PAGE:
Summaries-toastedflatbread

Summary #1

It seems counterintuitive that throughout history, men have defined rape and determined its severity, when women understand rape to its fullest extent. The past is full of examples of rape cases where males determine whether it was legitimate. In 1290, it was determined that if a woman is impregnated during unconsentual sex, it is rape however if a woman does not get pregnant, it is not rape. Another guideline states if a woman orgasms, it is not considered rape but if she doesn’t, it is rape. Pregnancy and orgasms should never determine the legitimacy of sexual assault. Unconsentual sex is wrong, no matter the results of it. For years, men have also determined which women are or are not protected under rape laws. In the 15th century, it was determined that married women cannot be raped by their husband because they are property to that man. This idea dates back as far as 1780 BC when rape of a married woman was considered taboo, however rape of an unmarried woman makes her an adultress. This by itself is problematic because marital status does not determine whether consent is required-it should be a universal law that consent applies to anyone. Additionally, it was ruled that women of color are not protected if they are raped. It should be common knowledge that race does not change the severity of the case. Sexual assault is traumatizing and horrific to everyone and the fact that some men believe they can decide what counts as rape is laughable, considering men are nearly half as likely to experience sexual assult.

Summary #2 

It seems counterintuitive that a mirror-the thing that is supposed to show our truest selves-does not provide an accurate visual of our physicality. When looking in a mirror, human’s eyes reverse our view, resulting in a skewed image in the glass. This knowledge has grown from John Walter’s Hair Part Theory, which states that humans act certain ways depending on how their hair is parted (“womanly” for right parts and “manly” for left parts). Walter believes that humans have never had the opportunity to see what part suits them best, which alters the ways in which they act and are thus received in public. All of this is to say that now a True Mirror has been developed to provide an accurate reflection. Who knew that a mirror could have such an impact on the social behavior of humans! This is not to say that mirrors are unhelpful to society-they just are surprisingly counterintuitive. One could go so far as to say that humans have been lied to by these objects for centuries. Mirrors make people question their truth when they have always been believed to be a stable source of reality.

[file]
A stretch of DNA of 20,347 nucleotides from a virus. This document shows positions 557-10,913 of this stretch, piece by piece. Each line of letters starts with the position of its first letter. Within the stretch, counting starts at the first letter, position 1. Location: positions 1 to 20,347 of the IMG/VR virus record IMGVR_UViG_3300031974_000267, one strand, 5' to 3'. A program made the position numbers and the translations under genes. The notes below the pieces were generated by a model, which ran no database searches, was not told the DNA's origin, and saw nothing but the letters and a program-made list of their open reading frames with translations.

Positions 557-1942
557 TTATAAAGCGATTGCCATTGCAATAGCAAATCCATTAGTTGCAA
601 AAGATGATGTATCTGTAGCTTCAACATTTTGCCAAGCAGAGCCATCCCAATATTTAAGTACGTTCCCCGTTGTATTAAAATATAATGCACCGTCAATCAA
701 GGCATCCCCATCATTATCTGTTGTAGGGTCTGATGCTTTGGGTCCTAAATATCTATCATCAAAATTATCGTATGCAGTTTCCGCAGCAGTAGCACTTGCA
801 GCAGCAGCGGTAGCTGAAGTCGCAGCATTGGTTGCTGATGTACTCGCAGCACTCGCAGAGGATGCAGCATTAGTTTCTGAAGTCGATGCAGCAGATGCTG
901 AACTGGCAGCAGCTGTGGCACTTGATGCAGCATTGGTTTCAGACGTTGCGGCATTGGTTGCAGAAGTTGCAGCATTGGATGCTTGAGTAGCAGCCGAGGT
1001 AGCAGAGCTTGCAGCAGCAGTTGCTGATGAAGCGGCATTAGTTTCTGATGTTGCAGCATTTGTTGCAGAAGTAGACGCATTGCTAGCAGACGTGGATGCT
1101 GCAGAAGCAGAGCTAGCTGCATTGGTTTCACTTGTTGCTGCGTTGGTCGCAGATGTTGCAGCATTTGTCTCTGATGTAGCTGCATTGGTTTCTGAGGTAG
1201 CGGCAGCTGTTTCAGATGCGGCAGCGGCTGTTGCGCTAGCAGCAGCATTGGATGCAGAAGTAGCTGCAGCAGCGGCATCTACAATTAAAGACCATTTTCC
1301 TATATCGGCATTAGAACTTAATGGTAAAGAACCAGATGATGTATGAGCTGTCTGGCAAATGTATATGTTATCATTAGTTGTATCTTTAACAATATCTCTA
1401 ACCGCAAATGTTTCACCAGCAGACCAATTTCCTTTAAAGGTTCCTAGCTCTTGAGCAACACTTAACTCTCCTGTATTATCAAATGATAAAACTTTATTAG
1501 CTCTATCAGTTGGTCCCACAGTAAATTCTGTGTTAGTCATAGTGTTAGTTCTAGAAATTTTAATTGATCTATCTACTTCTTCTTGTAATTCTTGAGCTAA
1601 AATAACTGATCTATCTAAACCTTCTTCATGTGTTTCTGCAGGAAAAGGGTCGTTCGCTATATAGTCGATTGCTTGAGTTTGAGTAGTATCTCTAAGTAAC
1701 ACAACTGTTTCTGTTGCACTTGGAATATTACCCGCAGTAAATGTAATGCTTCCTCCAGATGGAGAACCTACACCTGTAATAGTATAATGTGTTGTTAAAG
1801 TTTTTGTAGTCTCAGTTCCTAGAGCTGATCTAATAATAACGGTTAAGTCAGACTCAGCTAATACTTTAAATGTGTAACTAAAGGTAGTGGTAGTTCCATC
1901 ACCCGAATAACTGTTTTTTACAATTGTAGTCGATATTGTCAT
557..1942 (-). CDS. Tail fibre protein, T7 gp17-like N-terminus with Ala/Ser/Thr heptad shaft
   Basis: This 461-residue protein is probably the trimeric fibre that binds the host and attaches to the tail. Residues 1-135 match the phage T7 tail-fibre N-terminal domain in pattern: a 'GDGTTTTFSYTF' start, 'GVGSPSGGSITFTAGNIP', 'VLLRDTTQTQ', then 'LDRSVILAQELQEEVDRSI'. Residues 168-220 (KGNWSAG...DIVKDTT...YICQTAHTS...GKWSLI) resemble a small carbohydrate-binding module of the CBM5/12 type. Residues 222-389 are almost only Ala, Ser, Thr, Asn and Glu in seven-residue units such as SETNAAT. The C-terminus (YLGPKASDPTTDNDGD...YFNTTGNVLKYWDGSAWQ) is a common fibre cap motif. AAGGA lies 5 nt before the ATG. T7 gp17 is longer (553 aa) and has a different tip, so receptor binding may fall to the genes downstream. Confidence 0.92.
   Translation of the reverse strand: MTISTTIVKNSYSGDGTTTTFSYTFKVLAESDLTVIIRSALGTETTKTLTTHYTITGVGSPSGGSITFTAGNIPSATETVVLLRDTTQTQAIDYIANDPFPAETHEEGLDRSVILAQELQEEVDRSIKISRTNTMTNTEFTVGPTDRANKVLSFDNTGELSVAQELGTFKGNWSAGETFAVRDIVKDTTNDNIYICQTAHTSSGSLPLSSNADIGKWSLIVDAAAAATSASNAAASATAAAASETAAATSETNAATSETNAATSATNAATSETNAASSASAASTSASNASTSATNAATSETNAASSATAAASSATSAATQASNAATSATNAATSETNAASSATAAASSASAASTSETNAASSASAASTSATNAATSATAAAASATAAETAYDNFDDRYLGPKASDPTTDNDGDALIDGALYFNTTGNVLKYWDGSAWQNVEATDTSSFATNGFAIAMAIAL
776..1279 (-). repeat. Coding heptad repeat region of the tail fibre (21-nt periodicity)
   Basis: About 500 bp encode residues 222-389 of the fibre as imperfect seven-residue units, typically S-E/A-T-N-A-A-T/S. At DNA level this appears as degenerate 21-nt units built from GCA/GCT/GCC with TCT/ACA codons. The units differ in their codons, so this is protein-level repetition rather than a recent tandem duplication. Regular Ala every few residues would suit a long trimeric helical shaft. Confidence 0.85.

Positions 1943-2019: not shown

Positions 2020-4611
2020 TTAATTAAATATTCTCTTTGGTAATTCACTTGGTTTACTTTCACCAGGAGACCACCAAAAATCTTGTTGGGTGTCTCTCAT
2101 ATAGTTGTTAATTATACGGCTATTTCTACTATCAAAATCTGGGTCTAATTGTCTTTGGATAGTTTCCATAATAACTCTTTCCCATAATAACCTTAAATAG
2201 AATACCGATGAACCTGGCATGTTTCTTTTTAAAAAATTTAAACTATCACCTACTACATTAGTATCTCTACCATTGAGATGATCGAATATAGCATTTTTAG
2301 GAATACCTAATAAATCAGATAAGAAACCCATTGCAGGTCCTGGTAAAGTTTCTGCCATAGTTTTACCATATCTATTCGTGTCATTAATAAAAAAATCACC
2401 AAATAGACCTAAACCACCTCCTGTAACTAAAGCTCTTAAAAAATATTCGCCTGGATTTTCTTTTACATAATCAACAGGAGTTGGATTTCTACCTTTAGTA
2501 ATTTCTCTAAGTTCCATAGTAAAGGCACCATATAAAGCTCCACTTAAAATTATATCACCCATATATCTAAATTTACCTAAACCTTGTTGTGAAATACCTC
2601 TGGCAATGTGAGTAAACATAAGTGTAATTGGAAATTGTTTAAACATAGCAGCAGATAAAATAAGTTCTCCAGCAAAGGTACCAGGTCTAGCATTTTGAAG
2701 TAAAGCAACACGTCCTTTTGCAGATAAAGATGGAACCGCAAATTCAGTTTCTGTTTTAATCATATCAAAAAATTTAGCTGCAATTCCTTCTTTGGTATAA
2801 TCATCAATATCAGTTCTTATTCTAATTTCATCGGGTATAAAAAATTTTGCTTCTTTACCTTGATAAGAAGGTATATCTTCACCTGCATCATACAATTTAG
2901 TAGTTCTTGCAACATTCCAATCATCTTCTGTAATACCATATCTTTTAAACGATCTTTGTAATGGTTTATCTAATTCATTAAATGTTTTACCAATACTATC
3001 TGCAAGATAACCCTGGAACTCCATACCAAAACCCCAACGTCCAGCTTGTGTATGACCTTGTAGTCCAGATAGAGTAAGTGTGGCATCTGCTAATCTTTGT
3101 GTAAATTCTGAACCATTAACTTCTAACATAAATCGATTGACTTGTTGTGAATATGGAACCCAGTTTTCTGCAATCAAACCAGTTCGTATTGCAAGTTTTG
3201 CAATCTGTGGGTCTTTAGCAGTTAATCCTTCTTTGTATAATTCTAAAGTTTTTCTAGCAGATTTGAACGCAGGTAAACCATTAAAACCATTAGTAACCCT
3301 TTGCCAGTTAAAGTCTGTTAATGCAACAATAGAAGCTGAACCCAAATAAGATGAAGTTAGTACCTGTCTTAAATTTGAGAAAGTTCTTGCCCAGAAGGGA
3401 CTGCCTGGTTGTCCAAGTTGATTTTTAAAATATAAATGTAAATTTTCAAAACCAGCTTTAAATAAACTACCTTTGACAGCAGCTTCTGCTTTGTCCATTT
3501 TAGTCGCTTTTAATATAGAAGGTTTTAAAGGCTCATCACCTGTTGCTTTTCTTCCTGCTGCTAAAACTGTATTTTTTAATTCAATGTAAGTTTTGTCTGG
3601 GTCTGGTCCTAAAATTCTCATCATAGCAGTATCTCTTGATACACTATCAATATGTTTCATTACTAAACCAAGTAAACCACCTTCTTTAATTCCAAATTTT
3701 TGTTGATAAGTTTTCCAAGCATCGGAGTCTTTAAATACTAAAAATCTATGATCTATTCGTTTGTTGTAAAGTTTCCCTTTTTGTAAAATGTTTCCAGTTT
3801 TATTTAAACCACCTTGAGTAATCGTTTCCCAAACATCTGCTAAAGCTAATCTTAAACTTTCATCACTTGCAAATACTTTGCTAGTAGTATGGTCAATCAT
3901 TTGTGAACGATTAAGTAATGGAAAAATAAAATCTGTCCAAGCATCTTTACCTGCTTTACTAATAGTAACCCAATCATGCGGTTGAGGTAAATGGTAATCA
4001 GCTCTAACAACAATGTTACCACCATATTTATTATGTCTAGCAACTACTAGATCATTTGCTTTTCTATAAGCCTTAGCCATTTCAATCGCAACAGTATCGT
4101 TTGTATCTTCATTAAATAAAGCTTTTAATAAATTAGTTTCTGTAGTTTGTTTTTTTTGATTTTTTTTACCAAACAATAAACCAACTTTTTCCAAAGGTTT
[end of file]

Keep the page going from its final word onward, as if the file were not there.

Summary #3

It seems counterintuitive that the pursuit of happiness often leaves humans feeling little joy. As explained by Viktor Frankl, one must find meaning or purpose in their life before they can begin to find happiness. Happiness, as vital as it may seem, only consists of surface thoughts and immediate gratitude. Meaning digs deeper into the soul and gives reason for existence. This is difficult for humans to comprehend because happiness is believed to be the ultimate goal in life. Isn’t happiness important for survival? Apparently not. More important than anything is a strong motive in life.  Happiness is often associated with kindness and fulfillment, however, it proves to provide the opposite effect, instead promoting greed and apathy. Humans need to pursue what they feel their true purpose is-not just what gives them gratification, but what feeds their passion and not only benefits them, but others as well. It may be shocking to hear, but life would have so much more purpose if humans released that happiness it does not help them in the long run, instead, pursuing a deeper purpose provides the gratification that joy cannot.